Methods: A total of 14 patients underwent primary or revision reconstruction of a large femoral defect with a short remaining proximal femur using an interlocking, reconstruction-mode stem-sideplate for fixation after oncological distal femoral and diaphyseal resections. The implant was attached to a standard endoprosthetic reconstruction system. The implant was attached to a standard endoprosthetic reconstruction system. None of the femoral revisions were amenable to standard cemented or uncemented stem fixation. Patient and disease characteristics, surgical history, final ambulatory status and Musculoskeletal Tumor Society (MSTS) score were recorded. The percentage of proximal femur remaining was calculated from follow-up radiographs.

Results: All 14 at-risk native hip joints were preserved at a mean final follow-up of 6.0 years (SD 3.7), despite a short residual femur, often after proximal osteotomies through the lesser trochanter. Overall, 13 of 14 stems had long-term successful fixation. Eight patients required no reoperation. Three patients required reoperation due to implant-related issues, and three patients required reoperation for wound healing problems or infection. There were no dislocations or fractures. At final follow-up the mean MSTS score was 24.9 (SD 4.1). Nine patients required no ambulation aids, and only one had a Trendelenburg gait.

Conclusion: This interlocking, reconstruction-mode stem-sideplate reliably preserves native hip joint anatomy and function after large femoral resection with a short remaining proximal femur, both in the primary and revision setting. This is particularly important for preventing or delaying total femoral arthroplasty in young patients after oncological reconstruction. Hip abductor strength and function could be maintained by this method, and the risk of dislocation eliminated. The success of this technique in this modest series should be verified in a larger collaborative study and will be of interest to revision surgeons and oncologists. Cite this article: 2021;103-B(2):398-404.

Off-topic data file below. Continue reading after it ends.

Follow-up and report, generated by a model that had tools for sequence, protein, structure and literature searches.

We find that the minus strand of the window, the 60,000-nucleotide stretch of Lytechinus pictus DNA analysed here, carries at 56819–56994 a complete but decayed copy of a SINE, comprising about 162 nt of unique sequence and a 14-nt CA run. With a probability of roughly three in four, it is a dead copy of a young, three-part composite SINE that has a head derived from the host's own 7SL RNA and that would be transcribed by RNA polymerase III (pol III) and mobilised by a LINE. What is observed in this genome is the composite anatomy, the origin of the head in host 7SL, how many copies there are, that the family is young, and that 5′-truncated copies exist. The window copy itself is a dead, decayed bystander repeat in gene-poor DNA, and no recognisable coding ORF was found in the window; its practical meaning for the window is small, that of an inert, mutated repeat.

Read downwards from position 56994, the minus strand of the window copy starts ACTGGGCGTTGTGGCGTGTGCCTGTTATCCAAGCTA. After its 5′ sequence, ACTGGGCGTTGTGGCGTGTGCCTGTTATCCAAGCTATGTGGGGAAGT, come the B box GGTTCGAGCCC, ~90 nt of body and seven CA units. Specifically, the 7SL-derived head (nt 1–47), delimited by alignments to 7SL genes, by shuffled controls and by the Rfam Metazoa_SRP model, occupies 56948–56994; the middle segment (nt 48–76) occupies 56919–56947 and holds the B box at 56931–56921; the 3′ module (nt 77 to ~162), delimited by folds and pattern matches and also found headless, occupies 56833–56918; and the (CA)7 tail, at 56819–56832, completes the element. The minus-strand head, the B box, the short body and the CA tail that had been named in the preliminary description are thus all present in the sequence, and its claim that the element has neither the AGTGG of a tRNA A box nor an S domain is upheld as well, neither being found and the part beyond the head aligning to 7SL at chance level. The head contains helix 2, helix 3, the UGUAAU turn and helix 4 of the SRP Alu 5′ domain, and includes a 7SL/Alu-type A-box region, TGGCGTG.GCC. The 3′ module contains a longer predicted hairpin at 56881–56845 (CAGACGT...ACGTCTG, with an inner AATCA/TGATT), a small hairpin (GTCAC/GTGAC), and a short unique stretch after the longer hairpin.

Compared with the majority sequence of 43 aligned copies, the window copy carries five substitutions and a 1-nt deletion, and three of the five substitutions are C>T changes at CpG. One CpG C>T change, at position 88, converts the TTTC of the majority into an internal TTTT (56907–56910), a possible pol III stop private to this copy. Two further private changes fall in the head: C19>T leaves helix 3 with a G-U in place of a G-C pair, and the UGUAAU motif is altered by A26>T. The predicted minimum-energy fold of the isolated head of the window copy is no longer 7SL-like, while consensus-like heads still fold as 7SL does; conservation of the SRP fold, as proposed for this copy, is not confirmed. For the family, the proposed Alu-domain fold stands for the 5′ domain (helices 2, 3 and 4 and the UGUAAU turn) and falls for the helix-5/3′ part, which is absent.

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http://dx.doi.org/10.1302/0301-620X.103B2.BJJ-2020-0654.R1DOI Listing
http://www.ncbi.nlm.nih.gov/pmc/articles/PMC7926295PMC
February 2021

The critical difference in the DASH (Disabilities of the Arm, Shoulder, and Hand) outcome measure after essential upper extremity tumor surgery.

J Shoulder Elbow Surg 2021 Jan 20. Epub 2021 Jan 20.

Department of Surgery, Orthopaedic Service, Memorial Sloan Kettering Cancer Center, New York, NY, USA. Electronic address:

Background: The DASH (Disabilities of the Arm, Shoulder, and Hand) is a scored questionnaire that is widely used to evaluate the health-related quality of life of patients with upper limb musculoskeletal disorders. However, numerical changes in the measure scores lack clinical significance without meaningful threshold change values of outcome measures that are diagnostically specific. The minimal clinically important difference (MCID) is useful for the interpretation of scores by defining the smallest change that a patient would perceive. However, the MCIDs of the scores in orthopedic oncology patients has not been reported. We aimed to determine the MCIDs of the measure in orthopedic oncology patients.

Methods: Data from our health-related quality of life database from 1999 to 2005 were retrospectively reviewed after institutional review board approval. Seventy-eight patients who underwent surgery and completed 2 surveys during postoperative follow-up were evaluated. Two different methods were used to estimate the MCIDs: distribution-based and anchor-based approaches (the latter used receiver operating characteristic analysis).

Results: Using distribution-based methods, the MCIDs of the DASH questionnaire were 7.4 and 8.3 by half standard deviation and the 90% interval of minimal detectable change, respectively. By anchor-based method (receiver operating characteristic analysis), the MCID was 8.3.